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Proceedings Paper

Distributed sensor network control for power and bandwidth allocation in large sensor networks
Author(s): Ashit Talukder; A. Panangadan
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Paper Abstract

A variety of autonomous sensory platforms for earth and planetary science require distributed sensing and control capability to be able to operate in dynamic environments where the occurrence and frequency of events could be few and far-between. We discuss a novel control methodology for autonomous monitoring of space habitats and in-situ ground and ocean-based heterogeneous wireless distributed sensor networks. Such sensor networks need to have a lifetime of months or even years, while being effective at detecting and reporting events in real-time before they pose a danger. This requires an on-line resource manager or controller to economize and adaptively control all resources such as energy, communication bandwidth, and sensor sampling frequency. We present an event based control optimization formulation of the resource management problem for sensor networks and discuss a method to adaptively change desired system performance of the sensor network in response to events. This functionality is critical in field-deployable sensor networks where continuous operation is expensive and system adaptation is critical for extended operation in the face of dynamic external events. We show results on various synthetic heterogeneous sensor networks where only partially accurate information about the sensing system is available and illustrate the efficacy of the control algorithm in handling such incorrect models with a negligible increase in transmission of the optimal control settings. We show that the run-time performance of the control algorithm scales well with increasing number of sensors.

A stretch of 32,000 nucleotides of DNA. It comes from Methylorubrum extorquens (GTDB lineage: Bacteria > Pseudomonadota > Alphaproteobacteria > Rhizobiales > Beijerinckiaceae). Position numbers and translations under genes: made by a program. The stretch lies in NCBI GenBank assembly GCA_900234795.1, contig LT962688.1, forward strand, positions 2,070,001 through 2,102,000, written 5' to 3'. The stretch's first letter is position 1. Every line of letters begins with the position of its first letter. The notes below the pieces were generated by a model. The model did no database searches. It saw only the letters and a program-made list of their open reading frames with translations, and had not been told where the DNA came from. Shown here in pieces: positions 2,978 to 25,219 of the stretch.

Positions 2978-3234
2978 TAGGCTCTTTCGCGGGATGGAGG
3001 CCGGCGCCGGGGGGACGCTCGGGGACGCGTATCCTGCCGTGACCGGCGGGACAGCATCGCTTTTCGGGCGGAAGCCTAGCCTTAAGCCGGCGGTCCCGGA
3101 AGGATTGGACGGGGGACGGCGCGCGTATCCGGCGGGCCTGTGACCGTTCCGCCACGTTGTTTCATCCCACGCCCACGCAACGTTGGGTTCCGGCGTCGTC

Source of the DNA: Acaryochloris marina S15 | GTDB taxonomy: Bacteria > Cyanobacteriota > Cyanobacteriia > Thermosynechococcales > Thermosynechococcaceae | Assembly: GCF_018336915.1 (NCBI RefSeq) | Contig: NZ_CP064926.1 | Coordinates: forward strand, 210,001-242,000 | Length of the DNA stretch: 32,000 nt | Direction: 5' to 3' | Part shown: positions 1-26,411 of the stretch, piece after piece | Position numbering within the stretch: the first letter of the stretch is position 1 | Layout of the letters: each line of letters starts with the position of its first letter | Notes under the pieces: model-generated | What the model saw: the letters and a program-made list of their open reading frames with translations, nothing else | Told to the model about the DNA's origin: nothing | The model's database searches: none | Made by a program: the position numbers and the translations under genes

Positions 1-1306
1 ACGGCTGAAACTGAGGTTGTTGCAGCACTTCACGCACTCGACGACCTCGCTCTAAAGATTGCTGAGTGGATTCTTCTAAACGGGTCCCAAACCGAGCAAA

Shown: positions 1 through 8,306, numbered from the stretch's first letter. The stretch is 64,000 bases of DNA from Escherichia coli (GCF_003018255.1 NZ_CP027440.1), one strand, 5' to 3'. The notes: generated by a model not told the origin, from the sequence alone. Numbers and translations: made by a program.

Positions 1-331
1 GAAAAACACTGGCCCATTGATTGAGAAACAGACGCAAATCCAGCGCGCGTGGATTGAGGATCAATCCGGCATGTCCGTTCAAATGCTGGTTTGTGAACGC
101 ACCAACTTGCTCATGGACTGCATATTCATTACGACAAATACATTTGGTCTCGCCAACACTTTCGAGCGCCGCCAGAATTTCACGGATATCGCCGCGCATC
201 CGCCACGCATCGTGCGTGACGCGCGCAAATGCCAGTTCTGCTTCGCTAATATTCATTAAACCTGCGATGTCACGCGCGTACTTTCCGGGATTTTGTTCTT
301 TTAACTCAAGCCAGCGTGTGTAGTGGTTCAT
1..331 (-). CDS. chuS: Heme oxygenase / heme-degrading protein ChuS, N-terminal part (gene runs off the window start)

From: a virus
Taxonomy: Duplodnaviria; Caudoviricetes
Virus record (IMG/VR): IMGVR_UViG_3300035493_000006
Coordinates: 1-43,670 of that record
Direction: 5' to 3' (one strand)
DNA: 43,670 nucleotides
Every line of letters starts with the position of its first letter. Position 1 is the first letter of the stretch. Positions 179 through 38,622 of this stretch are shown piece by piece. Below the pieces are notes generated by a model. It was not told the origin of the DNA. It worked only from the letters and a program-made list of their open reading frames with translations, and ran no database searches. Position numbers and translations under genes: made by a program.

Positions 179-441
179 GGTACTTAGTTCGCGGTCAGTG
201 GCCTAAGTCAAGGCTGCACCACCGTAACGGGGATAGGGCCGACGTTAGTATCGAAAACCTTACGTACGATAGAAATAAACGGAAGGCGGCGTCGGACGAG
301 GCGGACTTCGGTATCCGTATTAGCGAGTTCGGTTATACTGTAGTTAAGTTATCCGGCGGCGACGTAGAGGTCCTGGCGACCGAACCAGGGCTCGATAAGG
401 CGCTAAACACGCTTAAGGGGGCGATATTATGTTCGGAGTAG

Paper Details

Date Published: 9 April 2007
PDF: 12 pages
Proc. SPIE 6574, Optical Pattern Recognition XVIII, 65740G (9 April 2007); doi: 10.1117/12.723637
Show Author Affiliations
Ashit Talukder, Univ. of Southern California (United States)
A. Panangadan, Univ. of Southern California (United States)

Published in SPIE Proceedings Vol. 6574:
Optical Pattern Recognition XVIII
David P. Casasent; Tien-Hsin Chao, Editor(s)

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